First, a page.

A media centre affiliated to the Kurdish administration also said that Ras al-Ain and Tal Abyad, which have been nearly emptied of their population, were the worst hit.
Reuters reporters heard gunfire there from across the frontier in the Turkish town of Ceylanpinar.
Some made victory signs, shouted "Allahu akbar" (God is great) and waved Syrian rebel flags as they advanced towards Ras al-Ain.
Some 120 km (75 miles) to the west, Turkish howitzers resumed shelling near the Syrian town of Tel Abyad, a witness said.
North Atlantic Treaty Organisation member Turkey considers the Syrian Kurdish fighters to be terrorists linked to a Kurdish insurgency inside Turkey and says the offensive is a counterterrorism operation necessary for its own national security.
Corabatir, who is the president of the Research Center on Asylum and Migration and is a former spokesman in Turkey for the United Nations refugee agency UNHCR, said forced deportations are against global laws and Turkey's open-border policy. Civilians and SDF fighters have been killed, and dozens have been wounded.
On Sunday President Donald Trump appeared to give a green light to a Turkish invasion, announcing that Washington would pull back several dozen United States special forces fighters positioned on the Syria-Turkey frontier.
He said that the so-called "safe zone" in northeastern Syria as envisaged by Turkey is unlikely would satisfy global criteria for refugee return as laid down by UNHCR.
Meanwhile, around 30 US House Republicans are expected to introduce a bill to push for sanctions against Turkey. "That is why I consider yesterday's threats made by President Erdogan totally out of place", Donald Tusk, president of the European Council, said on October 11 after his meeting with President of Cyprus Nicos Anastasiades.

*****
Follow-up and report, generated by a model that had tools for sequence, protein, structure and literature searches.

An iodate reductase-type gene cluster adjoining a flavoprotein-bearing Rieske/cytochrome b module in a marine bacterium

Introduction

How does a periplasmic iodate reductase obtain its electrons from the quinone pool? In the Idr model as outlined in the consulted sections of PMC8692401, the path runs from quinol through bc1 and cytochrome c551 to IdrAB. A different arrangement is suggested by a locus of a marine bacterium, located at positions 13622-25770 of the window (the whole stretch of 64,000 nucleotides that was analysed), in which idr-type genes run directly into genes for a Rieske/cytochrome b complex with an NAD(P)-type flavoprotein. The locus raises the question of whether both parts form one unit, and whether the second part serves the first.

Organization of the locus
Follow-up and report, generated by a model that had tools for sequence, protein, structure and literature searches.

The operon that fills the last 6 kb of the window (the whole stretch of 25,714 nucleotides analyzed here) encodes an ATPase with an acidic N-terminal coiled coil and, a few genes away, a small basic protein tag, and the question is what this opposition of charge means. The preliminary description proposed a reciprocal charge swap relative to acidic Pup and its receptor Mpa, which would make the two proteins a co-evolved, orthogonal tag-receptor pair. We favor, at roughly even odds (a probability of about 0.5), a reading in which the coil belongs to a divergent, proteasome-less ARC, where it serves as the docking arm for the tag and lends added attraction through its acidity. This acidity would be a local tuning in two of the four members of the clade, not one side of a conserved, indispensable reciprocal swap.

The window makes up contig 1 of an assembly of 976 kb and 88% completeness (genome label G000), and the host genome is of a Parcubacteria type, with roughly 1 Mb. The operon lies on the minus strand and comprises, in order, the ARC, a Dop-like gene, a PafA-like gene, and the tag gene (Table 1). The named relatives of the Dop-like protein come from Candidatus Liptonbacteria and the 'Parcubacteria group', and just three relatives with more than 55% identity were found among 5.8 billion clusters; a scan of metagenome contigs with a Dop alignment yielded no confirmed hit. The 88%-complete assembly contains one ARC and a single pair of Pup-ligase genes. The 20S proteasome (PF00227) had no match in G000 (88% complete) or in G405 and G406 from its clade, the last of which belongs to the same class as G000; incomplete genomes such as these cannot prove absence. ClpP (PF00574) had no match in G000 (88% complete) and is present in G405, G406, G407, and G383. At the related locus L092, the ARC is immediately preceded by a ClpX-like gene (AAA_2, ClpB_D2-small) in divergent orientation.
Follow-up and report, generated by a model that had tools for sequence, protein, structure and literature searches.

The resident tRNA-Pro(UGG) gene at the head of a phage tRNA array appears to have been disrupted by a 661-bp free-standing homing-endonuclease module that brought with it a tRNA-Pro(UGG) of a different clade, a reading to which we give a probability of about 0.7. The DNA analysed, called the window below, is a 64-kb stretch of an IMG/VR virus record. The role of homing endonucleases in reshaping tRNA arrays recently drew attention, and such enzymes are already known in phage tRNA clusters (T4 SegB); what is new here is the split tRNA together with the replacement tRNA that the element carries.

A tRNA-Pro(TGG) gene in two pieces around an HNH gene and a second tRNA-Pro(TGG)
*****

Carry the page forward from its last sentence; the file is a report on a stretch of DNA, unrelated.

President Recep Tayyip Erdogan's government considers the Kurds "terrorists" who are allied with Turkey's outlawed Kurdistan Workers' Party. In a few places, the Turkish army might go a kilometer past the limit, he added. "Its action also has the potential for causing humanitarian and civilian distress", India said in a statement.
The International Rescue Committee helps organization said that 64 000 people had already reportedly fled their homes.
Trump threatens to 'obliterate' Turkey's economy
Early on Monday, US-backed Kurdish led forces in Syria said US troops had begun withdrawing from areas along Turkey's border. The Turks would become responsible for all Islamic State (IS) group prisoners in the area, the United States statement said.
The YPG is the main fighting element of the Syrian Democratic Forces (SDF), the principal ally of the USA in Syria against the ISIL group.
The U.N. refugee agency said tens of thousands were on the move, and aid agencies warned that almost a half-million people near the border were at risk - in scenes similar to those from a few years ago, when civilians fled the Islamic State group militants.
Hungary, which has refused to take in people fleeing Syria's eight-year civil war, is against sanctions and blocked an European Union statement on Wednesday criticising Turkey, two diplomats said.
At this stage, the countries have not gained the support from all council members for the declaration, diplomats said.
In statements Thursday, Trump said that options for dealing with the situation included sending in "thousands" of American forces, a proposal he rejected; imposing severe economic sanctions on Turkey; or providing United States mediation between Turkey and the Kurds.
USA personnel at the base in northern Syria said they could not speak to CNN due to the sensitive nature of their work here.
Without elaborating, he said the USA was "going to possibly do something very, very tough with respect to sanctions and other financial things" against Turkey.
Western countries' rejection of the Turkish offensive creates a rift within the North Atlantic Treaty Organisation alliance, in which Turkey is the main Muslim member.
He said the Turks "know exactly where American forces are" throughout Syria and in the invasion zone. Cavusoglu said Ankara expected "strong solidarity" from the alliance.
The Turkish invasion also has raised the prospect of losing control of thousands of captured Islamic State fighters. "When you say they're fighting with the USA, yes, but they're fighting for their land".